What do homosexuals want?

Mona Charen

January 28, 1993|By Mona Charen

WHAT do homosexual activists really want? Just civil rights, they reply. But it's more complicated than that.

Over the weekend, the National Review Institute held a "conservative summit" in Washington. The conference, attended by 800 people from 41 states, took up every issue of interest to conservatives from environmentalism to defense, from school choice to saving the inner cities, from crime to multiculturalism. I chaired a panel entitled "sexual politics," which wound up focusing primarily on gay rights.

Conservatives resent being caricatured as gay bashers. Most are content to be tolerant of homosexuality. As one panelist, Prof. Hadley Arkes of Amherst College, put it, "We all have gay friends, whose friendship we treasure. And who wouldn't rather spend an evening with Noel Coward than Al Gore?" Where conservative resistance to the gay rights agenda tends to focus is in response to aggressive measures by homosexuals to go beyond tolerance to endorsement. That is what the curriculum dispute in the New York City school system is about. It is one thing to say gays should be left alone, quite another to say that "Daddy's New Roommate" should be taught to first-graders.

Homosexual activists tend to frame their demands in classic civil rights language. They seek only an end to discrimination, they claim. That includes discrimination in the military and in marriage and adoption laws, which currently require that spouses be of different genders.

Andrew Sullivan, editor of the New Republic, also on the panel, urged the case that marriage would be good for gays just as it is good for straights. "If you object to gay male promiscuity," he said, "permit us to marry. Marriage civilizes men."

Sullivan's plea is arresting but not ultimately persuasive, because it is not marriage that civilizes men -- it is women. If you doubt this, just visit any college dorm before and after it goes co-ed. Or, for a grimmer example, visit any maximum security prison, where, for all intents and purposes, homosexual marriage does take place. The prisons are hardly more civilized thereby.

The whole weight of the homosexual claim to equal status with heterosexuals rests on one pillar -- the belief that homosexuality is innate, unchosen and immutable; that it is like skin color or gender, a more "constitutive" (Mr. Sullivan's word) part of their natures than religion. This is an article of faith in gay and lesbian circles. Gay activists, the linguistically alert will have noticed, stopped using the term "sexual preference" some years ago. It has been replaced by "sexual orientation" to remove the suggestion of choice.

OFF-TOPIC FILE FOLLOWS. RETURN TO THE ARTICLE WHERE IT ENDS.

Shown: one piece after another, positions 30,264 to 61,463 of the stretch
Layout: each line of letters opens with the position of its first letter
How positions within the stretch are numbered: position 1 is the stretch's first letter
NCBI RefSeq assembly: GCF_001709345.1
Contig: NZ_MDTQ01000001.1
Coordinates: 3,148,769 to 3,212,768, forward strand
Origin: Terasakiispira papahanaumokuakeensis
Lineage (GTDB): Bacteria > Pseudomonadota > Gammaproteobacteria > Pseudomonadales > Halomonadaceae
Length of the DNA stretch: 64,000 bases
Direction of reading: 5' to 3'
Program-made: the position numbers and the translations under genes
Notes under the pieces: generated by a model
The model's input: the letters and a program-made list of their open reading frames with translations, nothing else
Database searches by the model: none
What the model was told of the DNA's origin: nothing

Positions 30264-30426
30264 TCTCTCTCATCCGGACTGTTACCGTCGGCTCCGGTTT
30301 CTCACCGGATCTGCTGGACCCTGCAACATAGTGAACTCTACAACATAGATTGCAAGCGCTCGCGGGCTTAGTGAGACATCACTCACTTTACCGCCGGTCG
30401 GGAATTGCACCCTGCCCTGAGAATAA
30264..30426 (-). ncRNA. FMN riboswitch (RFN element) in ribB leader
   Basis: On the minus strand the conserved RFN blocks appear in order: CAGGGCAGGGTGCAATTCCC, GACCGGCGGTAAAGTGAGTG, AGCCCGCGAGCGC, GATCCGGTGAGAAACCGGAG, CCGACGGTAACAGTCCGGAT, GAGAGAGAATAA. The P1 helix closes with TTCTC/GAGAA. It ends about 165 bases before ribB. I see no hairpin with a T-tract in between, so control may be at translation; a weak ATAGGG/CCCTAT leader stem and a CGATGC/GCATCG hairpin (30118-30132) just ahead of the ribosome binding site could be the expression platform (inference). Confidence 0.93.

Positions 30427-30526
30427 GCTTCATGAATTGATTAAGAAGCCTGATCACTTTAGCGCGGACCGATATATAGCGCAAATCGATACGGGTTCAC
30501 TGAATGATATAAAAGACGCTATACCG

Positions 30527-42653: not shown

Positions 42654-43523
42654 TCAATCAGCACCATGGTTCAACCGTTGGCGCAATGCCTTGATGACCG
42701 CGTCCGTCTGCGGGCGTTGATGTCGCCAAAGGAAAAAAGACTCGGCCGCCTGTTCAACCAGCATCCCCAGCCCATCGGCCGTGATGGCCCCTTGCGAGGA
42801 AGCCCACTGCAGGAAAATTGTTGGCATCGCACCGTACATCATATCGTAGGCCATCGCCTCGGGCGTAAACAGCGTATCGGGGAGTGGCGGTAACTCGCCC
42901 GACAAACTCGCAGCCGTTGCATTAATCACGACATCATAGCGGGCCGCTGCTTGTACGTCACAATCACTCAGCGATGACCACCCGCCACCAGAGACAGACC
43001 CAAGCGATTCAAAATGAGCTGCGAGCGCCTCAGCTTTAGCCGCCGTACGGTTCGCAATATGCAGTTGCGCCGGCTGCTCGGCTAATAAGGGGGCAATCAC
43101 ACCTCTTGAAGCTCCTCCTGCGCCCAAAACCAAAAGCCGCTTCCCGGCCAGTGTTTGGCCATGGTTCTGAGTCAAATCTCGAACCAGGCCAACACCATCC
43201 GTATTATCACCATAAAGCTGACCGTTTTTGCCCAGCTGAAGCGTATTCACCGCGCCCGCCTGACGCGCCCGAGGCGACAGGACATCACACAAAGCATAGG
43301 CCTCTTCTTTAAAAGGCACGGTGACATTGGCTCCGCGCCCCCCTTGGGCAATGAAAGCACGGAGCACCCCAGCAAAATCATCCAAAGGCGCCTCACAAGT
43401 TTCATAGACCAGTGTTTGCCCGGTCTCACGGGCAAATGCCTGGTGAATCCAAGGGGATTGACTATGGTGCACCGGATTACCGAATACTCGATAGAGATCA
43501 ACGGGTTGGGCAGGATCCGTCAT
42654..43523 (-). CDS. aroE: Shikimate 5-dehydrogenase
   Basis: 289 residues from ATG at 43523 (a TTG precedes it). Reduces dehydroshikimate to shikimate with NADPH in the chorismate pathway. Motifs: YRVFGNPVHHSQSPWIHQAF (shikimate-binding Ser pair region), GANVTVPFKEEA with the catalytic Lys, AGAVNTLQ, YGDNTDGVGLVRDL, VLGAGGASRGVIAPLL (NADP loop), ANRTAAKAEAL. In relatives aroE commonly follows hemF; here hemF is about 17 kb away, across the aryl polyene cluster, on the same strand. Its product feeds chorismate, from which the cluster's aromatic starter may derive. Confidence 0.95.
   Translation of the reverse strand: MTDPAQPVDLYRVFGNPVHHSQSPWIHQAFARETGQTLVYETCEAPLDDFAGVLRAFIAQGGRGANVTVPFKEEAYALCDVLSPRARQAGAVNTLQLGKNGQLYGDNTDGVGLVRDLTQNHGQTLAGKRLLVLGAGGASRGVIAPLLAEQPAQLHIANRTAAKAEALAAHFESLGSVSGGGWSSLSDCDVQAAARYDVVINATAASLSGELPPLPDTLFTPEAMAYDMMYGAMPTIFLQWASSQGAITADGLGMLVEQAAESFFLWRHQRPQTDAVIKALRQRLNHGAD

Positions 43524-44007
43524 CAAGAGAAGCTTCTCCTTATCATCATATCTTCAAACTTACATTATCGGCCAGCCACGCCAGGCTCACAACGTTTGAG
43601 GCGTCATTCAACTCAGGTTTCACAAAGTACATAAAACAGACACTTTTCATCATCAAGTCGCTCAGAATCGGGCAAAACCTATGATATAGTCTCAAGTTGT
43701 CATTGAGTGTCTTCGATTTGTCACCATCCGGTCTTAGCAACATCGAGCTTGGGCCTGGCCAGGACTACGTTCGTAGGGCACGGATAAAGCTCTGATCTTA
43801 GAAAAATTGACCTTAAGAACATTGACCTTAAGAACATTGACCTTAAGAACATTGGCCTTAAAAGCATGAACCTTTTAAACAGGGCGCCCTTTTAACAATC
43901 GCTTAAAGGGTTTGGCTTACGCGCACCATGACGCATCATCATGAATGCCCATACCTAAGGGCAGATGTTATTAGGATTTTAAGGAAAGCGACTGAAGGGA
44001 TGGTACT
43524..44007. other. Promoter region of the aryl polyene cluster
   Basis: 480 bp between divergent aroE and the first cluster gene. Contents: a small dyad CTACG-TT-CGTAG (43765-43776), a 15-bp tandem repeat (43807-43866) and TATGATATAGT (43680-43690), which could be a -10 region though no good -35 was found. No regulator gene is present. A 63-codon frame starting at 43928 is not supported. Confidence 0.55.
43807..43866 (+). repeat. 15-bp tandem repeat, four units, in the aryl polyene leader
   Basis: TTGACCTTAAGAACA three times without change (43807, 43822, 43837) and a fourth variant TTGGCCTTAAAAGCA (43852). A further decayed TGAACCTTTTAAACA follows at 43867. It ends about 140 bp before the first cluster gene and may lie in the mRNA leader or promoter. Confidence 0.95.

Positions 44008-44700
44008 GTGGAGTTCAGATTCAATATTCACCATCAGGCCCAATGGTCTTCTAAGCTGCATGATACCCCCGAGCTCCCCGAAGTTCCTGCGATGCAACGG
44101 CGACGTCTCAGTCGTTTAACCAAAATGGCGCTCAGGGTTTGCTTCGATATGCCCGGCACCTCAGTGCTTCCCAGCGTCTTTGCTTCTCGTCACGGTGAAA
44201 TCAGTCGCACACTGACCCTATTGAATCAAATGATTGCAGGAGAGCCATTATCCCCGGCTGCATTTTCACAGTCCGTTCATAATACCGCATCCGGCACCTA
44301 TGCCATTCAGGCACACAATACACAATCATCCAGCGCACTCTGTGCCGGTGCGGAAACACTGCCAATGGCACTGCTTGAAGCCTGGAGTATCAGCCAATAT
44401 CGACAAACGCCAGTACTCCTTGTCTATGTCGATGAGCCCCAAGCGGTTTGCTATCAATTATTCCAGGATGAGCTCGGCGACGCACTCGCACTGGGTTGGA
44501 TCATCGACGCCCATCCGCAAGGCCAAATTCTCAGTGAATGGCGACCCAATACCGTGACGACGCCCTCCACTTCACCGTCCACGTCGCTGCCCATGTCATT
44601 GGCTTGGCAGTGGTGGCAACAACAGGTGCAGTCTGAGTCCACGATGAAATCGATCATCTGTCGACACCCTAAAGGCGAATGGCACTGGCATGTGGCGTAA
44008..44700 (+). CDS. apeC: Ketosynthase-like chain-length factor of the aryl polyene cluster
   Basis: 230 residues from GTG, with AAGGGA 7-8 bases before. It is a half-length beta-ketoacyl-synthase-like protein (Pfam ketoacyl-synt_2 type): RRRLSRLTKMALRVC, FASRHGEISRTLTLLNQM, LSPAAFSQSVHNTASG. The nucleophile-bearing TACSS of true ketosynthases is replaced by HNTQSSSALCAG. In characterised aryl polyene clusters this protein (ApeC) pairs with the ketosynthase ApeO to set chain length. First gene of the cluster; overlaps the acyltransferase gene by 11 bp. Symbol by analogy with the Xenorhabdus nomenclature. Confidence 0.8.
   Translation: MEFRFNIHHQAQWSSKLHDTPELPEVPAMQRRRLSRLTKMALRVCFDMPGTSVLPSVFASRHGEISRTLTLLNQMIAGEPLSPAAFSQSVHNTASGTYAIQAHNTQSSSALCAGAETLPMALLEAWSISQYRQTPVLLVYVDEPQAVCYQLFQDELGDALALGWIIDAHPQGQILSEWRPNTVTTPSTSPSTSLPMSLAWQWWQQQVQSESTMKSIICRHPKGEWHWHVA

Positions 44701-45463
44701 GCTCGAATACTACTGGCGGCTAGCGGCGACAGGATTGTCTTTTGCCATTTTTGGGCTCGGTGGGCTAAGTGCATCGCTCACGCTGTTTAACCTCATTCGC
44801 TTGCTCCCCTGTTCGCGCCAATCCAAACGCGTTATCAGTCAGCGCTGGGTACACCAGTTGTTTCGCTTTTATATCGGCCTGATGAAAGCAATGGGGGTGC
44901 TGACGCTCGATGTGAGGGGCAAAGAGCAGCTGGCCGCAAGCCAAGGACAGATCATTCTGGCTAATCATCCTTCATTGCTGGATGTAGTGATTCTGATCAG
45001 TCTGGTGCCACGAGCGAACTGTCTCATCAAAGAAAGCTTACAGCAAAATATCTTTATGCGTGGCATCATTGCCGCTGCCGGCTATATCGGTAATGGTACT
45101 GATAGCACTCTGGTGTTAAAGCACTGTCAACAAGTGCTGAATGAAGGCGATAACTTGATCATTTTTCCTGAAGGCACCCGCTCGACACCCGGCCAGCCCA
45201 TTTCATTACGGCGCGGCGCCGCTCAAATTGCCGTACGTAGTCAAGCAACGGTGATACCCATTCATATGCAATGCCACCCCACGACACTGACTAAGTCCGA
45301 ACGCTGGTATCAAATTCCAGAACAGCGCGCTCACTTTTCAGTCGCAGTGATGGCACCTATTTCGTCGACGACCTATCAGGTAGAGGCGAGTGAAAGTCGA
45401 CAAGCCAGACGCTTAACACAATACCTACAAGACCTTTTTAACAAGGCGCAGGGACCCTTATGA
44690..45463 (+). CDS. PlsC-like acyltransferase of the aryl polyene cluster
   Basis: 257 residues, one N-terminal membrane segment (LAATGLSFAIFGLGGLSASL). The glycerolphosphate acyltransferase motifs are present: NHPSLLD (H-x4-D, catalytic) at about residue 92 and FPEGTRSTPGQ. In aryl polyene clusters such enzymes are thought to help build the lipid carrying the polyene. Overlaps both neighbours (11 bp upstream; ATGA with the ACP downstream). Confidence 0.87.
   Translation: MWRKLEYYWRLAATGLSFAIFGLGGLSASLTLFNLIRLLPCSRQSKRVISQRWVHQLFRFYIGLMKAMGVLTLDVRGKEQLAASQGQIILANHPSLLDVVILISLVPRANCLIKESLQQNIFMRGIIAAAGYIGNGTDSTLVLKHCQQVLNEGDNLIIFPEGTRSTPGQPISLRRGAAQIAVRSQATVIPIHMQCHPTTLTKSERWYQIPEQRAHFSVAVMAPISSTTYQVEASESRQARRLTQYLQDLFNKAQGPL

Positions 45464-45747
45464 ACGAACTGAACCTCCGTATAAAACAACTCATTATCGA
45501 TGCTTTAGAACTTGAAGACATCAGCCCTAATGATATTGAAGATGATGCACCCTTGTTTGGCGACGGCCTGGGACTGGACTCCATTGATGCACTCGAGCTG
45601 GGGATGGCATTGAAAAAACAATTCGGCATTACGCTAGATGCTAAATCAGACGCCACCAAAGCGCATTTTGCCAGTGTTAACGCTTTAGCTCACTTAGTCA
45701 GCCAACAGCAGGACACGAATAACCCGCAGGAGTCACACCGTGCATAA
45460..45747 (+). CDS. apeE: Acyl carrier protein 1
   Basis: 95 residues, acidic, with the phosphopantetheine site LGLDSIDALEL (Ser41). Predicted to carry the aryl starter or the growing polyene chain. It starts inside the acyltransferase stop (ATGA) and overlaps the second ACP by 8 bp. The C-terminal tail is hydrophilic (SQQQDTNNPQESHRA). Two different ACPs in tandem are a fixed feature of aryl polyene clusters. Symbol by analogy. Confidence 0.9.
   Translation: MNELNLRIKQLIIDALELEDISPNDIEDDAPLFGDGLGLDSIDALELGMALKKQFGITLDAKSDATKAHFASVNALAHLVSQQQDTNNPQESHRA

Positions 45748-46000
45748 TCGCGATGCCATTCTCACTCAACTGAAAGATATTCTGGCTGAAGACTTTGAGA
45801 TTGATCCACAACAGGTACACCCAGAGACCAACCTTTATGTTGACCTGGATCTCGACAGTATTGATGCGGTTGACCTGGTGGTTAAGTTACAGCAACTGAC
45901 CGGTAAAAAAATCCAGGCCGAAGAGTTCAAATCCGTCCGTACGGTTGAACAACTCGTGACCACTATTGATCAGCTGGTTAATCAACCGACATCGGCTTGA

Yet the evidence for this key belief among homosexuals remains elusive. Despite eager searches for biological proof, the results so far have been disappointing. This is not to say that proof will never be found, merely that the jury is out.

But as traditionalists, like Ralph Reed of the Christian Coalition, see it, homosexuality should not be treated like race or gender in any case. Not because it is a sin (which Christians and Jews believe, but that's a theological matter), but because it is not a trait that is obvious to outsiders.

Forbidding discrimination against gays is like forbidding discrimination against mystery readers. How does an employer know?

And there's another wrinkle as well. Conservatives are concerned because civil rights protection in the America of 1993 doesn't mean non-discrimination. It means quotas. Accordingly, if gays are granted the status of "protected class" under the civil rights laws, they will soon be entitled to "affirmative action." If it can be shown that, say, 6 percent of the community surrounding a particular business is gay, but only 4 percent of the firm's employees is gay, the statistical disparity would be sufficient to prove discrimination.

Finally, if gays are a protected class, based solely on what they do in the bedroom, who's next? Polygamists? Sadomasochists? Peeping Toms? Perhaps those people believe that their sexual orientation is a "constitutive" part of their being as well.

Conservatives neither hate nor despise homosexuals.

But they do believe that society's preference for the traditional family is justified.

Mona Charen is a syndicated columnist.

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